Music festivals can be really great. Or terrible, if you take the wrong drugs. There’s a new craze sweeping college campuses and quirky towns alike, however: the micro festival.
The microfestival – or MF, depending on if your sources like abbreviations or not – is a trend that takes the popular music festival tradition and shrinks it down.
That much should be obvious from the name, but you would be surprised on how many MicroMachines enthusiasts show up to these things. MicroManiacs, as they identify, aren’t the best at partying.
Nevertheless, the squished music fest idea is very popular on college campuses, since it gives everyone the outdoor concert experience with less camping and “controlled” substances.
LSU has found some success with the Groovin’ event, though there’s typically three acts instead of the four or five that are typical for a microfestival.
“We would love to have more than three acts,” explains LSU’s Freshmen Events Coordinator Max Payne explains. “But students react better to a name they know. Also, we didn’t have a budget when we started this thing. What do you think we have now?”
Payne did expound on his idea to have local acts pay the university to use the platform, which has not worked well so far.
“We did get the Chee-Weez to pay us in obscure snacks, so that’s something,” offers Payne.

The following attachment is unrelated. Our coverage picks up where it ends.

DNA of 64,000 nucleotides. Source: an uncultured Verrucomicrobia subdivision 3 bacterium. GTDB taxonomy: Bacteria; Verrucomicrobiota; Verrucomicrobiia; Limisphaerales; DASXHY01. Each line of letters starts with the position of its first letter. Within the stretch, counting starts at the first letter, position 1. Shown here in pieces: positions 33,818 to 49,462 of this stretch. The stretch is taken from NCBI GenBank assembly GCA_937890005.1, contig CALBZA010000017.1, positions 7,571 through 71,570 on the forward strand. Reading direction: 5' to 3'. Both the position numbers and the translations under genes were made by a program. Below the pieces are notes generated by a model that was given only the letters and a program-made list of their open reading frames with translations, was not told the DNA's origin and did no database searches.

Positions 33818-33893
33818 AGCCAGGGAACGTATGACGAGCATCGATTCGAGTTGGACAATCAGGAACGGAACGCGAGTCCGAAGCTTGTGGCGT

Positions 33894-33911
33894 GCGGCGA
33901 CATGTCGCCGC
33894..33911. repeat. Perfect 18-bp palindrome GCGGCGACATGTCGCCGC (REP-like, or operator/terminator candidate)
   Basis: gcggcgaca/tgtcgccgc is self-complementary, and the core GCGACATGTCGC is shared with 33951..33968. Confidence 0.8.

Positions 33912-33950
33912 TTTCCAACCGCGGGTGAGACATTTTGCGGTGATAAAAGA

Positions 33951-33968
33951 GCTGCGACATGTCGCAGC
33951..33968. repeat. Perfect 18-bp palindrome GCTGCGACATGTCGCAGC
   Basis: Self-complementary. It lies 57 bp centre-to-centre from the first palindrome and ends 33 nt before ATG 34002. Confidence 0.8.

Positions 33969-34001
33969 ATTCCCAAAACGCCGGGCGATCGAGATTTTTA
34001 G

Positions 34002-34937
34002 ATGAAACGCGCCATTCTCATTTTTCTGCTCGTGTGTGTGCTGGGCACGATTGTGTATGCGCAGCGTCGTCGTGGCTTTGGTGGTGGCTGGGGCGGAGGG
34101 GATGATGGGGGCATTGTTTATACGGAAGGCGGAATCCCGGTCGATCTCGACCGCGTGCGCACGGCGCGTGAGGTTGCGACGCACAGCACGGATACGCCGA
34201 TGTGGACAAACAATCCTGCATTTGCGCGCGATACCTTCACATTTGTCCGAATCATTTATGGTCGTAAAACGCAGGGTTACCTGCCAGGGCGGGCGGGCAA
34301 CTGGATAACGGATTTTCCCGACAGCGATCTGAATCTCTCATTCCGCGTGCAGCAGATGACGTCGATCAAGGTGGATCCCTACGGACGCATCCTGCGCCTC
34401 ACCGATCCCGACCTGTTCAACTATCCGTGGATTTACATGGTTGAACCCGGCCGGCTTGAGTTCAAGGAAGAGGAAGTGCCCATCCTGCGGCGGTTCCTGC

While most microfestivals are really just block parties in a field, there are some that take the trend and turn it on its pretentious hipster head.
In nearby unincorporated territory Gonzales, entrepreneur Boudreaux Shepard has started a microfest called Tickboree, a microfestival “named after what you’ll be digging out of your skin if you attend.” That’s a selling point, according to Shepard.
Shepard wanted to offer a more authentic alternative to Groovin’, and event he has shunned after it kicked him out three years running. This is why his event is scheduled on the same day as LSU’s.
“Music festivals got soft after Lollapalooza,” Shepard claims. “It used to be about rolling around in the mud, while rolling… that’s what it’s called when you’re on ecstacy.”
Shepard claims festivals became too family friendly. He sees microfestivals as an opportunity to get back to the basics – music and semi-nudity.
The Tickboree will be held on the bank of New River, right across from the St. Theresa Catholic School campus. The school will be providing shameful looks all weekend long.
The event itself looks to be unique in that it places less emphasis on the music and more on the events. “Festivals always got cool stuff for people to do,” explains Shepard’s assistant Sam Windu. “We’ve got stuff. Who said we didn’t have stuff?”
There will be graffiti fingerpainting under the nearby bridge, bobbing for shopping carts in the river, and canoeing.
“This isn’t a big time operation,” Windu admits. “It’s DIY and indie. Kids love shit like that.” The statement checks out, with many students buying tickets for Tickboree and shunning Groovin’.
“It’s like, punk rock,” says a student named Brodie, who wished to remain anonymous. “I heard they’re gonna let you throw rocks at the bands. That’s what punk rock is, right?”
When asked about the rogue event, LSU President F. King Alexander said he was too busy figuring out where his next job would be coming from.
“Ultimately, it’s about providing a service for students,” Payne says. “And if they want to shun this service, then we need to learn why and strive to improve that service.”
When informed about his event’s popularity, Shepard shrugged. “I’m not surprised, MF.”
Editor’s Note: This story is a work of satire and all quotes are made up by the author.